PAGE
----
Source: The Washington Post
Our world produces enough food to feed all its inhabitants. When one region is suffering severe hunger, global humanitarian institutions, though often cash-strapped, are theoretically capable of transporting food and averting catastrophe.
But this year, South Sudan slipped into famine, and Nigeria, Somalia and Yemen are each on the verge of their own. Famine now threatens 20 million people — more than at any time since World War II. As defined by the United Nations, famine occurs when a region’s daily hunger-related death rate exceeds 2 per 10,000 people.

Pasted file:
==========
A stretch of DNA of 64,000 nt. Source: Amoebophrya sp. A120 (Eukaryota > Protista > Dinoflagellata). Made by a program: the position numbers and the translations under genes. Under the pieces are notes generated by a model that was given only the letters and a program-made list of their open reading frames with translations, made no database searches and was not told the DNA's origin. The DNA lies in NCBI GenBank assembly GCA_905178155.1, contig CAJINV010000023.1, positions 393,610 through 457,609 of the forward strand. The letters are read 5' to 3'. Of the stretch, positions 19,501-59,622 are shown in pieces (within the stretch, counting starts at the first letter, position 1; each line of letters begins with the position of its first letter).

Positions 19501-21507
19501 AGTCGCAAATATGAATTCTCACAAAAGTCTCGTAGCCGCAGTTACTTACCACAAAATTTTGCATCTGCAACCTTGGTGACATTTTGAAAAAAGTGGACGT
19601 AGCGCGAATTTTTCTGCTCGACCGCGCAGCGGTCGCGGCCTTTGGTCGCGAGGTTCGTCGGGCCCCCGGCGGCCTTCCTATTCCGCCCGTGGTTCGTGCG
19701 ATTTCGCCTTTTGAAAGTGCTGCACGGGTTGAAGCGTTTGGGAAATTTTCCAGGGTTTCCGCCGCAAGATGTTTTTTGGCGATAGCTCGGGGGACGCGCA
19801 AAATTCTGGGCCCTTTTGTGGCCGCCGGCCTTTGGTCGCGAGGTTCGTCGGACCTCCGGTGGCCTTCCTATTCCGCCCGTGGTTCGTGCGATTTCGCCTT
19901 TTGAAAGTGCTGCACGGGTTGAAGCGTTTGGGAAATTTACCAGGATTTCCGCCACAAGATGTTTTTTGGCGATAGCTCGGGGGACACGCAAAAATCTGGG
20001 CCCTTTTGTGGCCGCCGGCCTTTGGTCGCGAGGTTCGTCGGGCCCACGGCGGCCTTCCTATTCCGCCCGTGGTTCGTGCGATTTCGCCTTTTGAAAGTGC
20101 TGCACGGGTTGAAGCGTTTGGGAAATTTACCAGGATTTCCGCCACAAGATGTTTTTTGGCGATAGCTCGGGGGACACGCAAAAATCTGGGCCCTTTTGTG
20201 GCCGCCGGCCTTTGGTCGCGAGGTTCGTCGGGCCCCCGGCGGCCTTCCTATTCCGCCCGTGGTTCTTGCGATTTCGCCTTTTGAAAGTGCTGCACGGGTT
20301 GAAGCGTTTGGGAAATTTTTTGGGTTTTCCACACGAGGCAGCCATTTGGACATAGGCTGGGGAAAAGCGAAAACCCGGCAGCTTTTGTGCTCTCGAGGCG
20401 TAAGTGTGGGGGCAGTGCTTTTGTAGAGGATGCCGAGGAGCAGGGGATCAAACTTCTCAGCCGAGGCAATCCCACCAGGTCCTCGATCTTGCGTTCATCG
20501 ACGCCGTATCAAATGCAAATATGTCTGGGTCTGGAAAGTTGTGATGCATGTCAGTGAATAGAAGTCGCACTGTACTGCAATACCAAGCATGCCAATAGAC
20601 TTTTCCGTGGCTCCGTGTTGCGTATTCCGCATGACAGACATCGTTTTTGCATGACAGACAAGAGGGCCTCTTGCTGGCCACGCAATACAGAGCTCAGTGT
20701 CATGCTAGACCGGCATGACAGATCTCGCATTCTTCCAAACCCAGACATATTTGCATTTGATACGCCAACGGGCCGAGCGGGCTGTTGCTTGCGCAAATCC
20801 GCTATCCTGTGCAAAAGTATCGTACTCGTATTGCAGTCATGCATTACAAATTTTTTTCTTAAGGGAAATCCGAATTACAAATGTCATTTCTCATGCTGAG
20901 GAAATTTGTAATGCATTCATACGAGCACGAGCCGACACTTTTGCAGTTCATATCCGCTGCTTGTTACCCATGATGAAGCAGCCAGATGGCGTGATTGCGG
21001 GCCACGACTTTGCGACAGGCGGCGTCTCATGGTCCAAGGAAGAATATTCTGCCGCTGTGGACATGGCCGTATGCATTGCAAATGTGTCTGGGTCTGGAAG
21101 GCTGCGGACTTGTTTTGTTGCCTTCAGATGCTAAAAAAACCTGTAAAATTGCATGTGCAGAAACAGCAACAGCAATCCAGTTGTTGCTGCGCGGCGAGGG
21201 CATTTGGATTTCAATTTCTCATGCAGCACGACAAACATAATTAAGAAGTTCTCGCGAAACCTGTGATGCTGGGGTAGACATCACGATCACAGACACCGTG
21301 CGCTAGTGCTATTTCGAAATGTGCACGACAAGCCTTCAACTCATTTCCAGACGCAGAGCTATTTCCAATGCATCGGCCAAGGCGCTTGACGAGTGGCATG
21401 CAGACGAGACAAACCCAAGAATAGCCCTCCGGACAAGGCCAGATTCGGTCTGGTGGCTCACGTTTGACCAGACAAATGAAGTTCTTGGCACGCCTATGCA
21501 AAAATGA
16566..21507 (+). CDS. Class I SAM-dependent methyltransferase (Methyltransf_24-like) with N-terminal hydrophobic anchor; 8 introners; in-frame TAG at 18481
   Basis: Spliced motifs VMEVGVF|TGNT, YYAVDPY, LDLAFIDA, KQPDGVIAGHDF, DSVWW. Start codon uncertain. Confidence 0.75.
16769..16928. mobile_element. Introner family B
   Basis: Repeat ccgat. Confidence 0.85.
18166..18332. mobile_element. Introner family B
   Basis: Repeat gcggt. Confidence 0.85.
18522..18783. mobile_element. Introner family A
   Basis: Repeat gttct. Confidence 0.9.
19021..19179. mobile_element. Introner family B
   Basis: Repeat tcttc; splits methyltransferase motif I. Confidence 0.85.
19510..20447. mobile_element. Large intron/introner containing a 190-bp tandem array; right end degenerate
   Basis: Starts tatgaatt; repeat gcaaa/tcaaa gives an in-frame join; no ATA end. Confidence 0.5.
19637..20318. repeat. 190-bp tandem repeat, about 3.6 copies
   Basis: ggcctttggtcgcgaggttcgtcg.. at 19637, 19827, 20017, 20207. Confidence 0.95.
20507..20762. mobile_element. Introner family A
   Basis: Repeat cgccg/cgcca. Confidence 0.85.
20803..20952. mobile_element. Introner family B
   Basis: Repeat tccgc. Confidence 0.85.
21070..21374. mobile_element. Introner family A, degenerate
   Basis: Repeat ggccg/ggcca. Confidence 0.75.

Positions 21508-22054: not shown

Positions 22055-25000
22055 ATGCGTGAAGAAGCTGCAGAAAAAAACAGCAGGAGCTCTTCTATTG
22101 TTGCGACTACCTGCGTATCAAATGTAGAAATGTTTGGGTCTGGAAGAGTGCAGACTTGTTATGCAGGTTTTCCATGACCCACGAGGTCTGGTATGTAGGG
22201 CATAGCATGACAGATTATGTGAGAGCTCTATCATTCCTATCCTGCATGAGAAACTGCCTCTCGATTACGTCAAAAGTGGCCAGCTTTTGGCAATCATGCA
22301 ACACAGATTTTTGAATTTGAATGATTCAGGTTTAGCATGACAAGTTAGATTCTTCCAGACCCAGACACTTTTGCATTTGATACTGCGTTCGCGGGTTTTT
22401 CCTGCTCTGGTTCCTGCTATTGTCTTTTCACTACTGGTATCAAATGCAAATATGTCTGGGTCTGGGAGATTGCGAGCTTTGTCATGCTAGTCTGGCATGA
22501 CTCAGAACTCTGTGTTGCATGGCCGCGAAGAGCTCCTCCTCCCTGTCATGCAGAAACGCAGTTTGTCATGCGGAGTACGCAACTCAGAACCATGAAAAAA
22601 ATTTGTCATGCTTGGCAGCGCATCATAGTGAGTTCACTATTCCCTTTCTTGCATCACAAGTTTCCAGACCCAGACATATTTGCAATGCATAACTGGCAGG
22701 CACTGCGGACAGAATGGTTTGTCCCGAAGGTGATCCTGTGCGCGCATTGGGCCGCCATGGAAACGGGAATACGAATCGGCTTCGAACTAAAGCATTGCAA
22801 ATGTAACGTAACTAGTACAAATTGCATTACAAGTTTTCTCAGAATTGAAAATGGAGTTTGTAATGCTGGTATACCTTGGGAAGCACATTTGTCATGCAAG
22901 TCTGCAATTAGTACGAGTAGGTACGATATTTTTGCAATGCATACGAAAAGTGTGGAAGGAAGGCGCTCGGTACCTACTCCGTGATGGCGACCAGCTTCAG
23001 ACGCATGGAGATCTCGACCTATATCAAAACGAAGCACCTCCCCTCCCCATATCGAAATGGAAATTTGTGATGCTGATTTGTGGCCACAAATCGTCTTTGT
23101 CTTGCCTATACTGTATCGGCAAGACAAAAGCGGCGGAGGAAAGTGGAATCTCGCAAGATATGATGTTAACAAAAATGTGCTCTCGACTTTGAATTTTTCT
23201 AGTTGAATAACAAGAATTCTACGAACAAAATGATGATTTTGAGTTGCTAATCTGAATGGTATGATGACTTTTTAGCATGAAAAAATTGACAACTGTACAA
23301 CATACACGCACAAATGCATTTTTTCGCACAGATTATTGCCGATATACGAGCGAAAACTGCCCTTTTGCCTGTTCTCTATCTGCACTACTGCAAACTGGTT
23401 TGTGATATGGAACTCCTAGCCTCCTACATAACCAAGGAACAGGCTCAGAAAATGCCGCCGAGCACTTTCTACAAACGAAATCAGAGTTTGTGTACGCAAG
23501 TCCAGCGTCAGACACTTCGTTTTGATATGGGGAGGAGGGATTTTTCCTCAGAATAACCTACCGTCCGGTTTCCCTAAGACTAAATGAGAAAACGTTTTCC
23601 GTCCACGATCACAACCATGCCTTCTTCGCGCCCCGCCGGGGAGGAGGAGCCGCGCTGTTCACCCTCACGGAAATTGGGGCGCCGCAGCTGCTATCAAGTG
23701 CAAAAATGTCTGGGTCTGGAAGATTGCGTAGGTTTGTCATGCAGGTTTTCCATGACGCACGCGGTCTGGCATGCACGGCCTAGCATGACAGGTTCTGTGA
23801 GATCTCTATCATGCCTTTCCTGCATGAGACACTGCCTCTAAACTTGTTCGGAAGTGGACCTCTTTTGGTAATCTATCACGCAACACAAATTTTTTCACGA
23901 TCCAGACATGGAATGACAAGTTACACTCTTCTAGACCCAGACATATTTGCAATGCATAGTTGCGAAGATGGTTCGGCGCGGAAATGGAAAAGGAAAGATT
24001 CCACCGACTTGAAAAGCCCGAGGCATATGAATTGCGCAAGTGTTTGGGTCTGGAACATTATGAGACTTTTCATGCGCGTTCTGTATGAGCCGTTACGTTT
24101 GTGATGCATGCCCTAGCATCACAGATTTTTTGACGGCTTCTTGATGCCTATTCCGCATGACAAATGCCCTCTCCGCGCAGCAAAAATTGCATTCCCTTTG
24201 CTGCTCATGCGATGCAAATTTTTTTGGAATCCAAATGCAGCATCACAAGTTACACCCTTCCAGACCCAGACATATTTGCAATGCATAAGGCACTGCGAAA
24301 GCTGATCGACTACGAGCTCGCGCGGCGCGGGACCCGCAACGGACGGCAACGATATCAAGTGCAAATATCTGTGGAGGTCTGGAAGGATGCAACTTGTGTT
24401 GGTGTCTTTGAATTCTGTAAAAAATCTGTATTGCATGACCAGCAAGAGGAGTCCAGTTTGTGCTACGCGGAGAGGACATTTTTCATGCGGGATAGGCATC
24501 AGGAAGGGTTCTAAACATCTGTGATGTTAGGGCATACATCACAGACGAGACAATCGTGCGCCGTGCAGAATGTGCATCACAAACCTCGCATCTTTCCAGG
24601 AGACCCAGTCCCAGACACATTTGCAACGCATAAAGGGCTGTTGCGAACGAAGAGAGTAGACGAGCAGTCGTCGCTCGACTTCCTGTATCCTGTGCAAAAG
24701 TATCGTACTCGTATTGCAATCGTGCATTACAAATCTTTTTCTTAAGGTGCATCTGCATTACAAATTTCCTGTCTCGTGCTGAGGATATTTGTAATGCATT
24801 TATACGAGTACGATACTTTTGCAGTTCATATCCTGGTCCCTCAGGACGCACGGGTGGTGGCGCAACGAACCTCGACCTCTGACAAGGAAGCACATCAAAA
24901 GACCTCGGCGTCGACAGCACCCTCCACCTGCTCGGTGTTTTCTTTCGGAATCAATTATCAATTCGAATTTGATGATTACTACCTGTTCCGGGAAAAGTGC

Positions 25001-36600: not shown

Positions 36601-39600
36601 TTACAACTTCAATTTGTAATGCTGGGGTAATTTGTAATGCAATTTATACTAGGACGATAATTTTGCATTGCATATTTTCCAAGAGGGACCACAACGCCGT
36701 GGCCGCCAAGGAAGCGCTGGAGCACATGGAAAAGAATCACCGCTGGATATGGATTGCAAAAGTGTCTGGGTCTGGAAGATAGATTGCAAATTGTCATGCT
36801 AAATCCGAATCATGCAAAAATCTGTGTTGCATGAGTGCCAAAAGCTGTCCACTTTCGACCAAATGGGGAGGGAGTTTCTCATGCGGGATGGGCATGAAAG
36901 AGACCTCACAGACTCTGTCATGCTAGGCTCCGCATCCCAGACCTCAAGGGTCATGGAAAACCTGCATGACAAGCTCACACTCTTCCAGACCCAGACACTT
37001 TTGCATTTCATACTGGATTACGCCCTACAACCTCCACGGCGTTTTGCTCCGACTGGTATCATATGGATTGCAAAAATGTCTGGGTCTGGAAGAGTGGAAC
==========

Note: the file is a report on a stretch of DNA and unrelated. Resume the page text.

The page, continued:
The persistence of such severe hunger, even in inhospitable climates, would be almost unthinkable without war.
Each of these four countries is in a protracted conflict. While humanitarian assistance can save lives in the immediate term, none of the food crises can be solved in the long term without a semblance of peace. The threat of violence can limit or prohibit aid workers’ access to affected regions, and in some cases, starvation may be a deliberate war tactic.
Categories: The Muslim Times